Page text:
What do you do if you need to display a time in the web browser that is synchronized to the server time, or better yet when you need multiple browsers to be synchronized to the same time? The answer, of course, is that you need to synchronize them to a single reference time and the obvious choice is to sync to server time. While it's not actually possible to change the time on the connected clients, what you can do is calculate an offset from the server time and then adjust the client time accordingly.
I find that making an ajax call to retrieve that time from a PHP function works just fine, but there are other ways to get the server time value. In fact, you can get a time value from a server just by making an ajax request and reading the time from the headers so that you don't even need to run anything on the web server itself.
Once you retrieve the server time, you simply subtract one time from the other to calculate an offset. It doesn't really matter which way you do this calculation; i.e. Server time - browser or vice versa, but you have to be consistent. So if you calculate your time offset by subtracting the browser time from the server time, you have to add this offset back to the browser time to get the server time. This is the part where I find drawing a simple diagram helps me keep things straight!
I mentioned before that microseconds were a bit more precise than necessary. Let's face it, if microseconds are important in what you're programming, you're probably not doing web development. More likely you're doing some kind of real-time control system in which case none of this is relevant to you, so please just stop reading. For the rest of you who are doing web development, you are certainly aware that things on the internet take time to get from the server to the browser. Whether due to server load, network latency, or other factors, it takes time for the server to respond to a request and for that response to reach the browser. So, what we really receive from the server is a value that tells us what time it was a very short while ago. Depending on how accurate you need your time to be, these few milliseconds may not matter to you, but in case they do, the time has to be adjusted to take this response time into account. The easiest method is to just subtract the time at the beginning of the request from the time at the end of the request and divide by two, but you can go further and measure several request times. There's no need to take an average as the shortest response time will give you the most accurate result.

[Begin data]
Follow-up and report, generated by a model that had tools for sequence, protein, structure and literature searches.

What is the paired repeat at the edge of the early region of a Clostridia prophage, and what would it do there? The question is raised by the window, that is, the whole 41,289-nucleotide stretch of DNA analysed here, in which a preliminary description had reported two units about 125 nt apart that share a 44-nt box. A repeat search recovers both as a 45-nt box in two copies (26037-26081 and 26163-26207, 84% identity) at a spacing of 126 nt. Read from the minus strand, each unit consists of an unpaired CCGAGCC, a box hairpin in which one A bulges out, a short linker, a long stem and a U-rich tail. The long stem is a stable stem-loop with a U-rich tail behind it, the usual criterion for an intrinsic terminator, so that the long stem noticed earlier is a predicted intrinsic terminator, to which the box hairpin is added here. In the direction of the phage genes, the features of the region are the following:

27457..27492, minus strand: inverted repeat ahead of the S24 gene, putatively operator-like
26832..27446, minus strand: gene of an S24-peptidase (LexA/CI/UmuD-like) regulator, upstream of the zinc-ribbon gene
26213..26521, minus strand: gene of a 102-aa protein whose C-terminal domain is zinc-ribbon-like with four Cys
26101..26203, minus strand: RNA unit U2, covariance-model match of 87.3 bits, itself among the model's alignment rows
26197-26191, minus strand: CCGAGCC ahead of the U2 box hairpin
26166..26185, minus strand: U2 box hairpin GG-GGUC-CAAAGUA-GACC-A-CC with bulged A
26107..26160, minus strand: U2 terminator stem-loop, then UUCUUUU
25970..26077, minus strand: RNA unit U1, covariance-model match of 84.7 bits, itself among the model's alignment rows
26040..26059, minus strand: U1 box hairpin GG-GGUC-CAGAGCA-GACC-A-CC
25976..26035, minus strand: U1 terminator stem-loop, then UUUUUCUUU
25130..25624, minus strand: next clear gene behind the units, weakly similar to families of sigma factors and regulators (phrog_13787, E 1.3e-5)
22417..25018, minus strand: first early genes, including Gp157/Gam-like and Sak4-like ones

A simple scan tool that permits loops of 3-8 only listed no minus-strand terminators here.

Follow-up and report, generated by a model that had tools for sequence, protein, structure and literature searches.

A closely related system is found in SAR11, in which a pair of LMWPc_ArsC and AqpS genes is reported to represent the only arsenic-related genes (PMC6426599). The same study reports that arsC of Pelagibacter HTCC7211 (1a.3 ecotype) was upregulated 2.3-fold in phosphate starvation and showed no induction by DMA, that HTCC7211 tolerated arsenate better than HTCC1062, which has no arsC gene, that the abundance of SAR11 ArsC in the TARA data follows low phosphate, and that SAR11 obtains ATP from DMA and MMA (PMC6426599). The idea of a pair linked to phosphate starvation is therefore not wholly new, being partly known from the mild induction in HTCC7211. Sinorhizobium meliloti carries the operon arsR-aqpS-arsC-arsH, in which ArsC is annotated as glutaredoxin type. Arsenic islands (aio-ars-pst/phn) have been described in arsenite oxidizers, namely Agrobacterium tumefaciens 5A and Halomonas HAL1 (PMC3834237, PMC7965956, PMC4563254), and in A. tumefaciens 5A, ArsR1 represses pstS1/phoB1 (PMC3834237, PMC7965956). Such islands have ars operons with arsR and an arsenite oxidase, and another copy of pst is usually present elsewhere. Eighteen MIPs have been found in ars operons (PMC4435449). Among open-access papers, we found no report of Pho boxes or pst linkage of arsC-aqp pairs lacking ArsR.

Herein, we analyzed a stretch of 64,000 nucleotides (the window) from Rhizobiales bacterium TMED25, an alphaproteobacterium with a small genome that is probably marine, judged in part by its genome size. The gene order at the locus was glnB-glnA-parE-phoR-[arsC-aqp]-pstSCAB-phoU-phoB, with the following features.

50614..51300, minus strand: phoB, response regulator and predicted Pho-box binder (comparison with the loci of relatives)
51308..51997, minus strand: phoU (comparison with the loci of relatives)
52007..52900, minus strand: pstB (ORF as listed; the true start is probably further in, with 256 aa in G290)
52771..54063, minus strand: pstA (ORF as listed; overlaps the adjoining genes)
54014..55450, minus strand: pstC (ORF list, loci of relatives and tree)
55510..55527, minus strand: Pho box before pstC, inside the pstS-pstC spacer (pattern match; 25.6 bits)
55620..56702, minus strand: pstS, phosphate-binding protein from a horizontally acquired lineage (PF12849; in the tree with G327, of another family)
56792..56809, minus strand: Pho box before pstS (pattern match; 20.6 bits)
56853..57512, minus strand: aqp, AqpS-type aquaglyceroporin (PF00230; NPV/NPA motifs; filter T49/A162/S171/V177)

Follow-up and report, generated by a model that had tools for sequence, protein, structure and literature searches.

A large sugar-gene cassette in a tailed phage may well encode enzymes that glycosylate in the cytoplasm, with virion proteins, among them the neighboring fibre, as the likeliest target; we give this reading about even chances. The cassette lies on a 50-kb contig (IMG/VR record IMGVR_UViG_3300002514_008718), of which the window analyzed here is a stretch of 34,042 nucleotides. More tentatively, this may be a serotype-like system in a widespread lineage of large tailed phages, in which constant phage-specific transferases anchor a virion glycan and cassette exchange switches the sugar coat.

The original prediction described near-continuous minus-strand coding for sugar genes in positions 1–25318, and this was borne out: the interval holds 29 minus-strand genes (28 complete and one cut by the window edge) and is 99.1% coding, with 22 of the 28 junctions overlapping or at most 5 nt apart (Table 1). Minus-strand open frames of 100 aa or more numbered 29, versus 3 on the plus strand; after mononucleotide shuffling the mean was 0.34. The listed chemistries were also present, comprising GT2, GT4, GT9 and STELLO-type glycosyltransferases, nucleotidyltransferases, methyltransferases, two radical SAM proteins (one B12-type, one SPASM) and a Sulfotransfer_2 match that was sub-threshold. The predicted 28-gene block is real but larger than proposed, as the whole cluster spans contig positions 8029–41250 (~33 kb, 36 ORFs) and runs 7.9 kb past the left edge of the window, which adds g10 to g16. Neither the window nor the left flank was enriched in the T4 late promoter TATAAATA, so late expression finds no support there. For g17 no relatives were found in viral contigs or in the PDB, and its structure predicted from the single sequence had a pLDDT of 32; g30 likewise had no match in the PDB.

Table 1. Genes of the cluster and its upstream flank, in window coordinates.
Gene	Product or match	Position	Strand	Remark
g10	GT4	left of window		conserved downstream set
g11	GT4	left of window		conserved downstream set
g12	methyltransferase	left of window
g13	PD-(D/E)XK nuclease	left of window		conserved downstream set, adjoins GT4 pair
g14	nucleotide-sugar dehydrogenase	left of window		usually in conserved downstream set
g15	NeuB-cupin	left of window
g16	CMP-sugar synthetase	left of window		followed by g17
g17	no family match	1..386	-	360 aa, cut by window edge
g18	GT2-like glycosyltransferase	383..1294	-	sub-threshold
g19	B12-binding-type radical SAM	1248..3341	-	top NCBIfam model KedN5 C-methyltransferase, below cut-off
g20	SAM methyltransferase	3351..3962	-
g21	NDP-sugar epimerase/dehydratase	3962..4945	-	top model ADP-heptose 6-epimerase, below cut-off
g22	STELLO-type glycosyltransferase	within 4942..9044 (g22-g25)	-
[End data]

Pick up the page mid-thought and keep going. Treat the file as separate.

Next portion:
If all of this seems like a bit of a pain, I've got good news. Someone else has already done most of the work for you. It's still up to you to do something useful with the server time once you have it, but the ServerDate script by David Braun will get you a pretty accurate value for the time on the server.